You may have decided to leave the scene of your accident for a number of reasons. You might have panicked in the instant, and pressing the gas was your immediate reaction. Maybe you had alcohol or drugs in the car or thought you'd be charged with DUI if you stayed on scene. Getting in an accident and leaving the location does not necessarily make you a criminal, but it is a criminal offense in Florida. As with any crime, you should take your criminal defense seriously. That starts by hiring a hit-and-run defense attorney in Florida. Weinstein Legal provides proactive criminal defense for individuals who have been charged or are under investigation for hit and run. Call now to speak to an attorney.
Common Causes of Hit-and-Run Accidents
There are several reasons why someone flees the scene of an accident:
- Panic – Getting in an accident is traumatic, and it's normal to have a small freak out and drive away. Once the driver is committed to that course of action, it might feel difficult to go back.
- Avoiding Arrest – If the driver is drunk or has a controlled substance in their car, they might think it's better to take their chances with a hit-and-run charge than to go to jail for other crimes.
- Fear of Violence – If the other party exhibits violence or aggression, the driver may flee to avoid an attack.
- Seeking Medical Attention – If a driver is injured in an accident, they may flee to get to the hospital instead of waiting for an ambulance to come to the scene.
- Exigent Circumstances – Sometimes, drivers believe that the urgency of their original purpose outweighs the legal requirement to remain on scene.
It should be noted that law enforcement officers and the court may consider your reason for leaving the scene of an accident when deciding about making an arrest or sentencing. However, you should not try to talk your way out of an arrest by offering explanations. This may end up backfiring on you and make your attorney's job more difficult. Contact a Florida criminal defense attorney to discuss the best course of action for your hit-and-run accident case.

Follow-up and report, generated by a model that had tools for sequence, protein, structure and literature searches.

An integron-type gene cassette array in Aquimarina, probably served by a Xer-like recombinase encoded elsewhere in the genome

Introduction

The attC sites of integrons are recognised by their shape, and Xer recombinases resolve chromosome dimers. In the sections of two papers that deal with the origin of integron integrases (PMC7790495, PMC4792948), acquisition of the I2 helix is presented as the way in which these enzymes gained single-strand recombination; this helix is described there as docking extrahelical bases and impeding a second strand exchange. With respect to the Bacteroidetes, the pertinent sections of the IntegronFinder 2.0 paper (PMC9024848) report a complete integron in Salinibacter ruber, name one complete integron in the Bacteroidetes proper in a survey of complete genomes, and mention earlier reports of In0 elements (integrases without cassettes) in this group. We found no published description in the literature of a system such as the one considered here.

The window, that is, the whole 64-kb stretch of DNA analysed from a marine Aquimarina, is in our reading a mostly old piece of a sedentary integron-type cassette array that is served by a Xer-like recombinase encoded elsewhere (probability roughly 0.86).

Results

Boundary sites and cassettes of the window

Penalties for Hit and Run in Florida
Florida statute 316.061 requires a driver involved in an accident to remain on the scene until they've fulfilled their obligations under the law. If the accident resulted in property damage in excess of $500 or any injuries, they are required to wait until the police arrive. Leaving the scene of an accident is a criminal offense in Florida. The penalties are as follows:
- Hit and Run with Property Damage but No Injuries – Second-degree misdemeanor punishable by up to 60 days in jail and a $500 fine.
- Hit and Run with Non-Serious Bodily Injury – Third-degree felony punishable by up to five years in prison and $5,000 in fines.
- Hit and Run with Serious Bodily Injury – Second-degree felony punishable by up to 15 years in prison and $10,000 in fines.
- Hit and Run with Death to Another Party – First-degree felony punishable by up to 30 years in prison and $10,000 in fines.
You will also accrue six points on your license if you're convicted of leaving the scene of the accident, in addition to any points you receive for citations associated with the accident.